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The United States Patriot Act

The USA Patriot Act, 2001, commonly known as “The Patriot Act”, was enacted immediately following the attacks on the twin towers of the World Trade Center in New York on September 2001.

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In particular, the Patriot Act:

increased the ability of law enforcement agencies to search telephone, e-mail communications, medical, financial, and other records. This was a considerable change to earlier laws and significantly increased access to such information, including “sneak and peek” warrants and wiretaps;
eased restrictions on foreign intelligence gathering within the United States;
expanded the Secretary of the Treasury’s authority to regulate financial transactions, particularly those involving foreign individuals and entities; and
enhanced the discretion of law enforcement and immigration authorities in detaining and deporting immigrants suspected of terrorism-related acts.
The military was authorized to provide assistance in some situations that involved weapons of mass destruction when so requested by the Attorney General. The National Electronic Crime Task Force was expanded, along with the President’s authority and abilities in cases of terrorism.

There is probably nothing which can damage the reputation of a financial institution more than the suggestion that it has been used as a conduit to provide funds which have been used to finance a terrorist act. Even if the institution is an innocent participant, the very link of its name to death and carnage can be damaging. So the institution needs as much help as possible to identify and exclude known terrorists from their business, but also to stand some chance of identifying the criminals who are already inside.

In addition, Anti Terrorism laws in most jurisdictions make it an offence to provide financial services to someone for the purposes of terrorism. Though most institutions would not do so deliberately, to have failed to check customers or transactions against known lists of criminals could be construed to be negligent or willful blindness.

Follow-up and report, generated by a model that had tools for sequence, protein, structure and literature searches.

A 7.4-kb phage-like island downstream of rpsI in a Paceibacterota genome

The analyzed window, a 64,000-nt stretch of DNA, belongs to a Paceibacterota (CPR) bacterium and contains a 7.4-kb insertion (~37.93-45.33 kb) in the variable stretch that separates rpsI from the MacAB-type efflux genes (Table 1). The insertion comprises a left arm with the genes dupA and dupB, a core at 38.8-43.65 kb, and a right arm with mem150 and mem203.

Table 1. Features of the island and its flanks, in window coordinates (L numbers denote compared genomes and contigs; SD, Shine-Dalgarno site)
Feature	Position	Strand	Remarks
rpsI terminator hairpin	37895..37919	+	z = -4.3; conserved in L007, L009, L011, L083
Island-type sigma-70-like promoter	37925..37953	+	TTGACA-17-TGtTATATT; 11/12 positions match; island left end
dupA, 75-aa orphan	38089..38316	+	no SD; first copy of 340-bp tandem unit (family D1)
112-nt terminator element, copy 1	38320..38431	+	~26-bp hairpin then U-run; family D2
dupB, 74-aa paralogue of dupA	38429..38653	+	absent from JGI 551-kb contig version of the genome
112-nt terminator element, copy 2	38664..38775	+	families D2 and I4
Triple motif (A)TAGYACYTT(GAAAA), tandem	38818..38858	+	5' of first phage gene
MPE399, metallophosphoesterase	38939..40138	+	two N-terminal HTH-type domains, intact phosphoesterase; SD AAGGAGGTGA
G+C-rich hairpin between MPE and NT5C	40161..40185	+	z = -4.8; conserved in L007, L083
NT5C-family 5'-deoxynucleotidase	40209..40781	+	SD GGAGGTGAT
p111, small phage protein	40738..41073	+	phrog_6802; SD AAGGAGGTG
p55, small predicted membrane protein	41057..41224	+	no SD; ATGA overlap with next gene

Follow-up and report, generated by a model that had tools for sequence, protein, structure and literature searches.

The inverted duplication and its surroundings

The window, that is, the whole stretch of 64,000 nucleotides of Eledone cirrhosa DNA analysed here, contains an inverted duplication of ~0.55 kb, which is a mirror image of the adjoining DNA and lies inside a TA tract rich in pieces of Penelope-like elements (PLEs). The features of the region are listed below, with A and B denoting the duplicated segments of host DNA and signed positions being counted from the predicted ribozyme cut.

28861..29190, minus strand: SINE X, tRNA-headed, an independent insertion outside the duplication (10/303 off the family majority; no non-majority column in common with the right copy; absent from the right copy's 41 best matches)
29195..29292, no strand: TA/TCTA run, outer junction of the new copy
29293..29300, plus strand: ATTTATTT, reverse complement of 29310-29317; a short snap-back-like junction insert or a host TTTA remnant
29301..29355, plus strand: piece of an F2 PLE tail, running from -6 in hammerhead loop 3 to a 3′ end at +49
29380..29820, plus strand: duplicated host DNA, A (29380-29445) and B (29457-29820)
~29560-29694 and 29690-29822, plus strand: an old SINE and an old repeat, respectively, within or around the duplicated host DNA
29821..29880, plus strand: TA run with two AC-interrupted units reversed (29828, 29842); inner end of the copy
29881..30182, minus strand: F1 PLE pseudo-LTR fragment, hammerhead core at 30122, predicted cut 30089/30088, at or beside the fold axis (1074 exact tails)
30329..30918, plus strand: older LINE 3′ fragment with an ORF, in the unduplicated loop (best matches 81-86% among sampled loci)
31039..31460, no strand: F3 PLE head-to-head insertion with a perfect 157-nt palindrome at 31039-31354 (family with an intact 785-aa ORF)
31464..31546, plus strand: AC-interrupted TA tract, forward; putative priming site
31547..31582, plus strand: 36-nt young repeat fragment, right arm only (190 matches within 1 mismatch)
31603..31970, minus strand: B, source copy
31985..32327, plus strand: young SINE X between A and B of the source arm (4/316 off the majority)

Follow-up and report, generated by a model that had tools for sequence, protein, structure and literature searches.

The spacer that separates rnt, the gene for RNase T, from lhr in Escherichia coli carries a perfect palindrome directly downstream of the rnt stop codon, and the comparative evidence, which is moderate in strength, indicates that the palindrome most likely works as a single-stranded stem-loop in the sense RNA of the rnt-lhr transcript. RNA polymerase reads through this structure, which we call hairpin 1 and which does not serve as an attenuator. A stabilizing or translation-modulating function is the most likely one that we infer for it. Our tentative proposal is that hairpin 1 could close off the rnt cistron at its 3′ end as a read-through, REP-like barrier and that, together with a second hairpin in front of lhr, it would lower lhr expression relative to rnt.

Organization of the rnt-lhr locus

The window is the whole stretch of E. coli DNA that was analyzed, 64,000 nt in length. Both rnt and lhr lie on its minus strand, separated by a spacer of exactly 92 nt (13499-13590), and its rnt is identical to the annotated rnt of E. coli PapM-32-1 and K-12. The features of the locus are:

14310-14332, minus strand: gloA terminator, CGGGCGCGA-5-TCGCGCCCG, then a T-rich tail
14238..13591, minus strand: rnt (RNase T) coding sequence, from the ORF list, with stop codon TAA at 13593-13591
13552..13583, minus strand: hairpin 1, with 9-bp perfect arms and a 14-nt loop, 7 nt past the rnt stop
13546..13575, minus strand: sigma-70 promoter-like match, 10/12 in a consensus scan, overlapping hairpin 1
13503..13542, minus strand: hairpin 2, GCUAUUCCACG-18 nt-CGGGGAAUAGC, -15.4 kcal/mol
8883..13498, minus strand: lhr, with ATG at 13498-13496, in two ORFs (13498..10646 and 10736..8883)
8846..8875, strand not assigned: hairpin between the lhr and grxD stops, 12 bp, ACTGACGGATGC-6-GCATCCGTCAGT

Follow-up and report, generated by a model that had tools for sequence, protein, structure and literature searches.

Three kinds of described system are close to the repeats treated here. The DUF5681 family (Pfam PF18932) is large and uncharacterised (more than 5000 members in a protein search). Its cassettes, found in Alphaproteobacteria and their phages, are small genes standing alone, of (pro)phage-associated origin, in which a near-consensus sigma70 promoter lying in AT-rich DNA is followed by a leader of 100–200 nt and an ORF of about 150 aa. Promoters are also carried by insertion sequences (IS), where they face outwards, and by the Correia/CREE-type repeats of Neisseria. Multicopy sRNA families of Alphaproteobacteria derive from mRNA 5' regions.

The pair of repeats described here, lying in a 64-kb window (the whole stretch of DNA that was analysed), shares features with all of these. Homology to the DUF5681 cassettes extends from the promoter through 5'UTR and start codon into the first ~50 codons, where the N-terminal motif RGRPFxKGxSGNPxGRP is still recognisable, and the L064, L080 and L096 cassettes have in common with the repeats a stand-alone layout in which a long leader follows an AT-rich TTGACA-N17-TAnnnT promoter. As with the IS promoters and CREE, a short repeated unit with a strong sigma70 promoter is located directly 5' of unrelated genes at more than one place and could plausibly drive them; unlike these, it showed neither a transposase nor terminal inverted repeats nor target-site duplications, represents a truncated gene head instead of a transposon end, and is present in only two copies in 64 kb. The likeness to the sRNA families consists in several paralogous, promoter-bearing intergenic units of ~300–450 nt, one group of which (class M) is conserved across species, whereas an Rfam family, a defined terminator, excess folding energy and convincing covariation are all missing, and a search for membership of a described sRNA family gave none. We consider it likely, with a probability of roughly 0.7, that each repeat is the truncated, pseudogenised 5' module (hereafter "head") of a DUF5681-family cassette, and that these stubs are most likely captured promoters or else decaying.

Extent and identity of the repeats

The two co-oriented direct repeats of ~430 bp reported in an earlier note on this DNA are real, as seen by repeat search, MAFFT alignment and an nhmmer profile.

There are two aspects in which a financial institution can protect itself from both risks – strong “Know Your Customer” processes and strong transaction checking processes.

Know Your Customer describes the means by which the identity, background and other aspects of potential customers can be checked, so that known and suspected terrorists can be excluded and the background of all clients checked out fully. Legislation and regulation require firms to obtain evidence of identity of a customer at take-on and to keep a record of that evidence for as long as there is a relationship with a customer. Legislation and regulation also require a firm to keep up to date its knowledge of a customer throughout the life of the relationship, so that changes in the customer’s activity can be assessed and dealt with all with the principal aim of preventing Money Laundering and Terrorist Financing. Having robust processes is all the more important when a business is looking for new clients in emerging markets, where legislation and regulation may not yet be as strong as in more developed financial markets.

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